• JusticeHunter
    Sep 20, 2015 - 5:27PM

    Better those voids left unfilled, for gods sake and and should be more like this one.Recommend

  • JusticeHunter
    Sep 20, 2015 - 5:29PM

    You don’t really know her well enough.Recommend

  • Zia Syed
    Sep 20, 2015 - 7:48PM

    She is dead and her family has no interest in finding out why. Spare us with details of dead one.Recommend

  • Baba Jee
    Sep 20, 2015 - 8:10PM

    @Shalom: I am all for bringing her killers to be punished in accordance with the law. And also Murtaza’s killers who was killed during her tenure.

    What did PPP in its five years do to find her killers? Recommend

  • Yul47
    Sep 21, 2015 - 9:27AM

    The killings of BB and the brutality employed in her term in office makes one beneficiary but no one in Pakistan is brave enough to hold the bull by the horn. The telephone call made from Dubai to raise her head above the bullet proof environment be investigated. The two Blackberry mobiles were not produced before the international community but after the usual mandatory period of 3 years to archive records, the Blackberry mobiles suddenly were seen to be with domestic workers. Unless Pakistan is able to dramatically improve the image of Police and the Court, events like killing of BB shall continue to stay a mystery. The present set up with a Parliamentary majority has an opportunity to reverse it. Recommend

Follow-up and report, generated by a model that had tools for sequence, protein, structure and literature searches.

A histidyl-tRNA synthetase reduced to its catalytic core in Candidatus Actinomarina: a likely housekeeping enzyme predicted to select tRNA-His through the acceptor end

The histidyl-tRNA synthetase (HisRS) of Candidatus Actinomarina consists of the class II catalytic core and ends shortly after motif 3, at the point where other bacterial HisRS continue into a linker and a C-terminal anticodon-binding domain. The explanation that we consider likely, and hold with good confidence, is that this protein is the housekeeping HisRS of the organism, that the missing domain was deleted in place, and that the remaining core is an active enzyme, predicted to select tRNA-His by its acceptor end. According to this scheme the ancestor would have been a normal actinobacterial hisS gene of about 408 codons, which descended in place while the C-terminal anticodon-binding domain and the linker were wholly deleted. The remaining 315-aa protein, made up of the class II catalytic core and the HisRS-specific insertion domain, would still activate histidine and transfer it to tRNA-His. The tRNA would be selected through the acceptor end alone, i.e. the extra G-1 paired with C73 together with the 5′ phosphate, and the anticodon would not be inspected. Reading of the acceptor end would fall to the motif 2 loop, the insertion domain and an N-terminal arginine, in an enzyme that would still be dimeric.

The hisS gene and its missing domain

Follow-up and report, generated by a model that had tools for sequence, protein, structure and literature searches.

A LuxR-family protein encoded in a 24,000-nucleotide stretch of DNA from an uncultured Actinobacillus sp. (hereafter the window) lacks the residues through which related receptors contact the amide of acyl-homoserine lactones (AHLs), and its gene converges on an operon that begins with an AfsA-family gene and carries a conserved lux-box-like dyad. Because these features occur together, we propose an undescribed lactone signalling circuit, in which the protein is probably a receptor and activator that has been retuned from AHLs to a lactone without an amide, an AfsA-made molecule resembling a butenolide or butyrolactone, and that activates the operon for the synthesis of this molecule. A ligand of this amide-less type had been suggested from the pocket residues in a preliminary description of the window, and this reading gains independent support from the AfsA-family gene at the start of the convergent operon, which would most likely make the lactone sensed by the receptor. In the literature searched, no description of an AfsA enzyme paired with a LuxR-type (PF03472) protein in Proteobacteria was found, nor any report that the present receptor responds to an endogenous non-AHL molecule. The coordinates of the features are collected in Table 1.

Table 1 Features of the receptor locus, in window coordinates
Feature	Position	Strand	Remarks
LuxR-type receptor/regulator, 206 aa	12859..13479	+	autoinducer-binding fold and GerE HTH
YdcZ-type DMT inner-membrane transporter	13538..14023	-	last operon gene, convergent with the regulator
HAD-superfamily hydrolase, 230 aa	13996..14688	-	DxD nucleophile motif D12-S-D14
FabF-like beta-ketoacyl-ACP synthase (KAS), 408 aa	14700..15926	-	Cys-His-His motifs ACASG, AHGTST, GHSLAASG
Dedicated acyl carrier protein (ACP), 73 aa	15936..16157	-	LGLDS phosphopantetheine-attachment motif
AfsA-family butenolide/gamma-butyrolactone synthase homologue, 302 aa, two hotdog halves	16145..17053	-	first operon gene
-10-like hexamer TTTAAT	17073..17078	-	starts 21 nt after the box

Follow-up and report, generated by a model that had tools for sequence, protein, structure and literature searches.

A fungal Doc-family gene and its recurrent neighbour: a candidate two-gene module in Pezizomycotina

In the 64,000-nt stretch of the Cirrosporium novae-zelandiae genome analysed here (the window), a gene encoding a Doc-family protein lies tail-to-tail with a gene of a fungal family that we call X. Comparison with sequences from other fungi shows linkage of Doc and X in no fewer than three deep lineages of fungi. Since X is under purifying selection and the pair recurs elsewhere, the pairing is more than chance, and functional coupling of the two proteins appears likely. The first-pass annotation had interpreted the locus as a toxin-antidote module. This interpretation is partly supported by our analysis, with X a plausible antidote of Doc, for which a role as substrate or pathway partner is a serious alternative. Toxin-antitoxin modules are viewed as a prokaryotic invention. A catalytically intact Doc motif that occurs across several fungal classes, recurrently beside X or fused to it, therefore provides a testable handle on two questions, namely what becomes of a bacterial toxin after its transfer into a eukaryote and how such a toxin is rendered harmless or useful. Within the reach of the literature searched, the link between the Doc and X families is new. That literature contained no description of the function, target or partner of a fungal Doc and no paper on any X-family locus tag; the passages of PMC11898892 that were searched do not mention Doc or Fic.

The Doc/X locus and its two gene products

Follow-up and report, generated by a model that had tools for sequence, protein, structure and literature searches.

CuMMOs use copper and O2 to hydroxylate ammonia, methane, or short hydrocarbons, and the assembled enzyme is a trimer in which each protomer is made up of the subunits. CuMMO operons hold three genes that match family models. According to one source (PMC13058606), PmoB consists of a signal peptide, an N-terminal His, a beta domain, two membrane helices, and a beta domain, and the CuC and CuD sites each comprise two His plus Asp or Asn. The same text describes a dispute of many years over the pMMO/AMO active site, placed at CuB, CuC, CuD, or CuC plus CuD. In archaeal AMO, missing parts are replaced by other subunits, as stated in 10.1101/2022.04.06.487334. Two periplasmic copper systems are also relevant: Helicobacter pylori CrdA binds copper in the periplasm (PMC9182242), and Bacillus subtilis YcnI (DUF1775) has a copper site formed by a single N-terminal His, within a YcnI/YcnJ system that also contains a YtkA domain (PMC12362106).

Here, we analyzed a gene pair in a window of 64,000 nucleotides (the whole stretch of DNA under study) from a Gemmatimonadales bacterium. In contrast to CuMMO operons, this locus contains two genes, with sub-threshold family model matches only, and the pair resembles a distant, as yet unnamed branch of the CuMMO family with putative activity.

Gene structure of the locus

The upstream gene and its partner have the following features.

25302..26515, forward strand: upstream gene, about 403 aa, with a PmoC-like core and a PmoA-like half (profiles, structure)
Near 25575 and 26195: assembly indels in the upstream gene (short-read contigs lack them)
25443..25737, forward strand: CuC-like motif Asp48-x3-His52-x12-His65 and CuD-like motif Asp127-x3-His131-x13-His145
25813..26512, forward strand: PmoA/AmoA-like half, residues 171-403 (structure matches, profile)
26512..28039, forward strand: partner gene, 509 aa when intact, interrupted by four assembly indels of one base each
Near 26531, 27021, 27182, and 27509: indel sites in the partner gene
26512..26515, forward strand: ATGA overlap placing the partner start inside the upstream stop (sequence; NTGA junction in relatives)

• JusticeHunter
    Sep 21, 2015 - 2:24PM

    @Baba Jee:
    Not doubt, the killers should be caught and punished but I think, they deserve a BIG THANK YOU from the whole nation before they get hanged, for a job done very well. Recommend

  • Rex Minor
    Sep 22, 2015 - 2:32PM

    A thought provoking article about the Bibi who was forcefully separated lke her father from those who admired and loved this great lady of the subcontinent. From his own experience Raza Rumi should know that as long as the military is in charge, the transparency about the country’s past and future will not be reflected in its democratic order.

    Rex MinorRecommend

  • Rex Minor
    Sep 22, 2015 - 4:24PM

    @Baba Jee:

    Both of you act like the devils advocate? Are you tryng to imply that the corrupt politicions should be violently killed.? If so then you must have the list of next to be targets from the incumbent democraticaly elected ministers.

    Rex Minor Recommend